TOKYO (Reuters) – Japan is poised for a historic shift in its defense policy by ending a ban that has kept the military from fighting abroad since World War Two, a major step away from post-war pacifism and a big political victory for Prime Minister Shinzo Abe.
The change will significantly widen Japan’s military options by ending the ban on exercising “collective self-defense”, or aiding a friendly country under attack. It will also relax limits on activities in U.N.-led peace-keeping operations and “grey zone” incidents short of full-scale war, according to a draft government proposal made available to reporters. Continue reading
The map you see above, and also embedded below, was the main illustration for the piece, which appeared in the January/February 2008 issue. I introduced the conceit of the story this way:
As America approaches the fifth anniversary of the invasion of Iraq, the list of the war’s unintended consequences is without end (as opposed to the list of intended consequences, which is, so far, vanishingly brief). The list includes, notably, the likelihood that the Kurds will achieve their independence and that Iraq will go the way of Gaul and be divided into three parts—but it also includes much more than that. Across the Middle East, and into south-central Asia, the intrinsically artificial qualities of several states have been brought into focus by the omnivorous American response to the attacks of 9/11; it is not just Iraq and Afghanistan that appear to be incoherent amalgamations of disparate tribes and territories. The precariousness of such states as Lebanon and Pakistan, of course, predates the invasion of Iraq. But the wars against al-Qaeda, the Taliban, and especially Saddam Hussein have made the durability of the modern Middle East state system an open question in ways that it wasn’t a mere seven years ago. Continue reading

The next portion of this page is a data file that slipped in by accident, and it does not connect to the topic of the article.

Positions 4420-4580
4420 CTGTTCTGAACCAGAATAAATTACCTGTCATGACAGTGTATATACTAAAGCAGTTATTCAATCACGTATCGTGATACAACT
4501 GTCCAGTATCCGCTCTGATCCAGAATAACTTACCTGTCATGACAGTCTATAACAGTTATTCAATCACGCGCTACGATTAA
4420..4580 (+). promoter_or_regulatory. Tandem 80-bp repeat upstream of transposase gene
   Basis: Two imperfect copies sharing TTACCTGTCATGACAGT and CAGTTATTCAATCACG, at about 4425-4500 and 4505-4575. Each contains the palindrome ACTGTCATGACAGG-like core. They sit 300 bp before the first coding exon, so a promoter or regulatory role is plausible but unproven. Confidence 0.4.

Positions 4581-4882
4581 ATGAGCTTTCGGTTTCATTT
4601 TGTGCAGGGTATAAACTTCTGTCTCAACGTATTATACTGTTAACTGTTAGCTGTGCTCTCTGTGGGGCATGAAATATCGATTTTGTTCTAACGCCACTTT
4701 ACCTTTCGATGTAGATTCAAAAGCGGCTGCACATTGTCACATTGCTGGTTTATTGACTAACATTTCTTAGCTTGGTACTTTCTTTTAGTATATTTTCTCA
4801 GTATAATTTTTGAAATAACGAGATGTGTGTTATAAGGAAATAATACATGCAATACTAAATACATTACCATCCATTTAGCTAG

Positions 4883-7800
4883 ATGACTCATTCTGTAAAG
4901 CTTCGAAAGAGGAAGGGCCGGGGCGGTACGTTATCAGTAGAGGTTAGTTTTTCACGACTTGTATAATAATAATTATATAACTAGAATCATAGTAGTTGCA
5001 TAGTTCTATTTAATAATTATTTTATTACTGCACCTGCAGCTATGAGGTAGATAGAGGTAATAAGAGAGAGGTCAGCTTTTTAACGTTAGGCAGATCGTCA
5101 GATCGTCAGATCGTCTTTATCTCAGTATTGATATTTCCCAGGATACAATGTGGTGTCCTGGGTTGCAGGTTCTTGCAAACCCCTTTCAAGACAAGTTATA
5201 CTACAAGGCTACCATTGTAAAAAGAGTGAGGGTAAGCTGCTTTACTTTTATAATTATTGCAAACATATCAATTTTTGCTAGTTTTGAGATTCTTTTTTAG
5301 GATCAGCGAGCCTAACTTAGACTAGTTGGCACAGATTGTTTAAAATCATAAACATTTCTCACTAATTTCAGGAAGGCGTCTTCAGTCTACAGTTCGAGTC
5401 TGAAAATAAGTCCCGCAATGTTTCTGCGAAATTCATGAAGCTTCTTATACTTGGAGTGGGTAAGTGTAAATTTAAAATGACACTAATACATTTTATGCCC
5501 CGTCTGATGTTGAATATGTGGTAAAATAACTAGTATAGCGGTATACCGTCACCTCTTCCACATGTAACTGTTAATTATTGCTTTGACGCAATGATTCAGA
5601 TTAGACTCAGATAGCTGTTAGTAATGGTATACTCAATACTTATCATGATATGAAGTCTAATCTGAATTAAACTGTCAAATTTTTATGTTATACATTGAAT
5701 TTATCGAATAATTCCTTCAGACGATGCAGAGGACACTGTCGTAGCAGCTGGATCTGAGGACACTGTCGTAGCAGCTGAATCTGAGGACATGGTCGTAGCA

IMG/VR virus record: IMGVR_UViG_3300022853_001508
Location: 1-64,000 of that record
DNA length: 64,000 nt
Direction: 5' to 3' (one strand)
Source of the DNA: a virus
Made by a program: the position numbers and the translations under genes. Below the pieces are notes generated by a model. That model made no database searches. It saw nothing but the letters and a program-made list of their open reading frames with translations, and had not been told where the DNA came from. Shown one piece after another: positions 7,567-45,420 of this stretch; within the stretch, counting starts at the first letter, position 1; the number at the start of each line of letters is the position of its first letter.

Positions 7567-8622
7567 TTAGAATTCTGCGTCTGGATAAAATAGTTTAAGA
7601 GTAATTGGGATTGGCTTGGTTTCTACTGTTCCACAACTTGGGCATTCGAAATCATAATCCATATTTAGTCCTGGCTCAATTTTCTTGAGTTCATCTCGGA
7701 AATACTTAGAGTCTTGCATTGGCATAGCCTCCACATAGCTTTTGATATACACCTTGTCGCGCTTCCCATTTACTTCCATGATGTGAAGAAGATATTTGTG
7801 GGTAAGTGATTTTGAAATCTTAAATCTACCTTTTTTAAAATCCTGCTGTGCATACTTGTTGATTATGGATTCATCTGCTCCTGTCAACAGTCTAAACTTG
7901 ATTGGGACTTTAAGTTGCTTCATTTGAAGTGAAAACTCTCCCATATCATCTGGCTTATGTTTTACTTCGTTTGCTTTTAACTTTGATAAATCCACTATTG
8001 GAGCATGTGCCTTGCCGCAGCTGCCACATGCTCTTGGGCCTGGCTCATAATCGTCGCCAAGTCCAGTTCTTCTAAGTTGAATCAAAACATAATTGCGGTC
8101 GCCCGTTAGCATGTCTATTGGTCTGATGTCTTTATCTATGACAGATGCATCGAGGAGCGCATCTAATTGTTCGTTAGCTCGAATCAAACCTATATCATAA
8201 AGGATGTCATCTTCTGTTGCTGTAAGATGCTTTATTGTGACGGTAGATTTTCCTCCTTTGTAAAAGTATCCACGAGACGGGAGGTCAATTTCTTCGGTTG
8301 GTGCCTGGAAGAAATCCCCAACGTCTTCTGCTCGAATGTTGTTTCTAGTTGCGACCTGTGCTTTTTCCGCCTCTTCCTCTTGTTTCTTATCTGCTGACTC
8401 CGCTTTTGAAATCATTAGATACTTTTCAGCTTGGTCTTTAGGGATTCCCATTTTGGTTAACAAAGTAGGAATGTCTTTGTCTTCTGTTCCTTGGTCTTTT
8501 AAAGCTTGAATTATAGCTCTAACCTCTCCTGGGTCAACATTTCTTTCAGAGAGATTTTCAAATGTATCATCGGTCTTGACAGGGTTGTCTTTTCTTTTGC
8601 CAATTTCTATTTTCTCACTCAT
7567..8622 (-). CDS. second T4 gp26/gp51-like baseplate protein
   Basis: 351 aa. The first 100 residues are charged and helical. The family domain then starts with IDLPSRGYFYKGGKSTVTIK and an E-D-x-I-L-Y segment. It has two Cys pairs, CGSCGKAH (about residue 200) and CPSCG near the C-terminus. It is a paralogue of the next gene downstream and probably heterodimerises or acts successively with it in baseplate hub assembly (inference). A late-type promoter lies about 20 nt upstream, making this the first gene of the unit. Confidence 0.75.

Simply WMDs from Iraq that weren’t shipped by Russia to Syria.